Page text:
We all have stress in some shape or form, it's part and parcel of life, some have it good, some have it bad, it's just how we deal with the stress we have that is key to our mental and physical health.
Stress can be brought on from any kind of changes, worries or demands that we face everyday. Stress simply starts with a rise in pressure on us, this pressure builds, so does the stress both internally and externally.
We all have inside of us what I like to call an “emotional box”, in this we chuck our emotional baggage, our stress, until soon if not emptied, begins to overflow and this is when the trouble can start if not dealt with and cleared properly.
That box needs emptying, when it is not we then develop the tale tale signs of high stress and into anxiety which will then lead to physical issues, depression and disease.
With this stress, we tend hang on a knifes edge, in a constant state of high alert to everything around us. Never shutting off from what's going on in our heads. This leaves us in a constant low level state of fight or flight, being triggered many times throughout the course of our day, even over mundane things that would probably never bother us before.
This fight of flight is brought on by the nervous system releasing huge levels of the stress hormones cortisol and adrenaline. This leaves our body in panic mode and can lead to serious health problems.
It can feel like you are going crazy, but this is all normal. Millions of people go though this everyday.
You are not alone.
Posted on 06/01/2015 by Dave Chawner (stand up comedian) from MIND website
New year, new start. Dave talks about what he plans to do in 2015 to get 'mental healthy'.
I was in a bar when I heard it. Two blokes having a drink a couple of days into the New Year.
"Any resolutions this year Steve?"
"The usual. I've signed up to a gym. This year I want to get mental healthy!"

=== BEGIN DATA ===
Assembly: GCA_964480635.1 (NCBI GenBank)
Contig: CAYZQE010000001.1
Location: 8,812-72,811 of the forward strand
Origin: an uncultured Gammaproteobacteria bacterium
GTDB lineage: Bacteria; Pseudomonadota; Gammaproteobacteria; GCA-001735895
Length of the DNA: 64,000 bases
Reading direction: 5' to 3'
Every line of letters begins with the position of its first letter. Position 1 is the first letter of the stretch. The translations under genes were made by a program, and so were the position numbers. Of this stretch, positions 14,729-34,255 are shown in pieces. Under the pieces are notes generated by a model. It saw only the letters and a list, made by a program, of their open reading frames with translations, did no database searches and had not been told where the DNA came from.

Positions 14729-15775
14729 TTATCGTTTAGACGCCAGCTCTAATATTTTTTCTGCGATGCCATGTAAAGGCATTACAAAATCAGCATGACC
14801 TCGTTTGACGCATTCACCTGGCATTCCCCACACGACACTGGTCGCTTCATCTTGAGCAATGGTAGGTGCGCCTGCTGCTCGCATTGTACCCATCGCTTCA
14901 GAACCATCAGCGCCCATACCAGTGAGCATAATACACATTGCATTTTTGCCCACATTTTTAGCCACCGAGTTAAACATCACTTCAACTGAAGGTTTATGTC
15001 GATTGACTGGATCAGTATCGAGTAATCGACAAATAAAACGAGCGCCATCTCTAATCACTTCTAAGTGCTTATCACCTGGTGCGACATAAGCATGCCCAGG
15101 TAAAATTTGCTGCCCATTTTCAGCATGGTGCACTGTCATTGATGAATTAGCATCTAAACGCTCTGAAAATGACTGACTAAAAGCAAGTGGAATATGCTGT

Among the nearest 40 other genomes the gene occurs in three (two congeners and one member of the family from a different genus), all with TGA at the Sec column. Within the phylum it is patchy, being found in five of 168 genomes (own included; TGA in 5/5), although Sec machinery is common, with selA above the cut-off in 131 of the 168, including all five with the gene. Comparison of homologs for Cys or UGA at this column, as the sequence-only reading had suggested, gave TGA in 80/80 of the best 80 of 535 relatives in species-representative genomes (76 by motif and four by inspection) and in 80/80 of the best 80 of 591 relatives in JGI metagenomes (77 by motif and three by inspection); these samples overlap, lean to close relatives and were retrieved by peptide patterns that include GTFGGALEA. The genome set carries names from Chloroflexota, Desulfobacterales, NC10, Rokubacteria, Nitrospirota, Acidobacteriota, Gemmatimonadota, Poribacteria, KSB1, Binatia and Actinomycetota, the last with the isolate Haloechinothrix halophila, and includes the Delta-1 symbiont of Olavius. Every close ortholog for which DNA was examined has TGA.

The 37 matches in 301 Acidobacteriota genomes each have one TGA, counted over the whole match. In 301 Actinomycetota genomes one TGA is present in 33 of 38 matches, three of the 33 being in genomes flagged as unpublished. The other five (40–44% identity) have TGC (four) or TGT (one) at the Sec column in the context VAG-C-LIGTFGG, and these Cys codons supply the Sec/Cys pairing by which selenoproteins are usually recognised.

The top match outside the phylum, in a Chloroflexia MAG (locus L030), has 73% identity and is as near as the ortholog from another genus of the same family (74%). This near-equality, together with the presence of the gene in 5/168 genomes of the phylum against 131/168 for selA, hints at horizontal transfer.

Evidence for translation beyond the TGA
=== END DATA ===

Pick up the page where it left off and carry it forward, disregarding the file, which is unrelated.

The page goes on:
I couldn't help but laugh at the phrase. That is exactly what I am doing too.
We think about health more at the start of the year than any other time. People talk about getting physically healthy, but hardly anyone talks about thinking healthily. Up until last year it was something I’d never considered either, but recently that's changed.
I’d always assumed people with mental illness knew they were ill. But when it happened to me, I didn't. I was trapped in the day-to-day. It was like trying to look at a massive picture when you’re only inches from it.
Unknowingly I sunk lower and lower into depression. It happened without me realising. Slowly I became numb to everything. The world became intimidating. I felt trapped with no way out.
Looking back, it’s really hard to find the words for what I felt. Something was wrong but I didn’t know what. That's the problem with mental illness, it is entirely subjective - you only ever see its effects and as I could never compare my mind with anyone else’s, how did I know I was mentally ill?
This made getting help daunting. People are generally reluctant to go to the doctors anyway and I am no exception. Each morning I’d go to call but convince myself I wasn’t that ill. I never felt ‘ill enough’. I didn't have any bruises I could point to or any cuts I could show off. I wasn't covered in bandages or have a cast anyone could sign. So, I was worried people wouldn't take me seriously.
It was this fear that stopped me getting help sooner. Fear I was a fraud, attention seeking or unable to cope like everyone else. I was waiting for something to happen so I could class myself as ‘ill’. If I found a lump on my body, I wouldn’t wait for it to be the size of a melon before I went to the GP. So, what was I waiting for?
In the end, when I did get help, it was a massive relief. I have anorexia which lead to my depression and for me getting a diagnosis made it so much easier. It means I now know I am not attention seeking.
If you are looking to get 'mental healthy' in 2015, and you haven't talked to anyone about how you're feeling, I recommend that as a first step. It doesn't have to be from your GP if that feels too scary, maybe you could first of all talk to you parents, your partner or a friend you trust?
If you're a little bit further on in your journey, or perhaps like many people you're on a waiting list for treatment and are looking for ways you can help yourself, here are some of my tips for 2015. Enjoy!
Jeani Howard is an intuitive healer and award winning therapist who specialises in Pre & Post Natal care and PTSD as well as childhood trauma & anxiety. Her desire is to help as many people as possible to feel better. Help her hit her 1 million!
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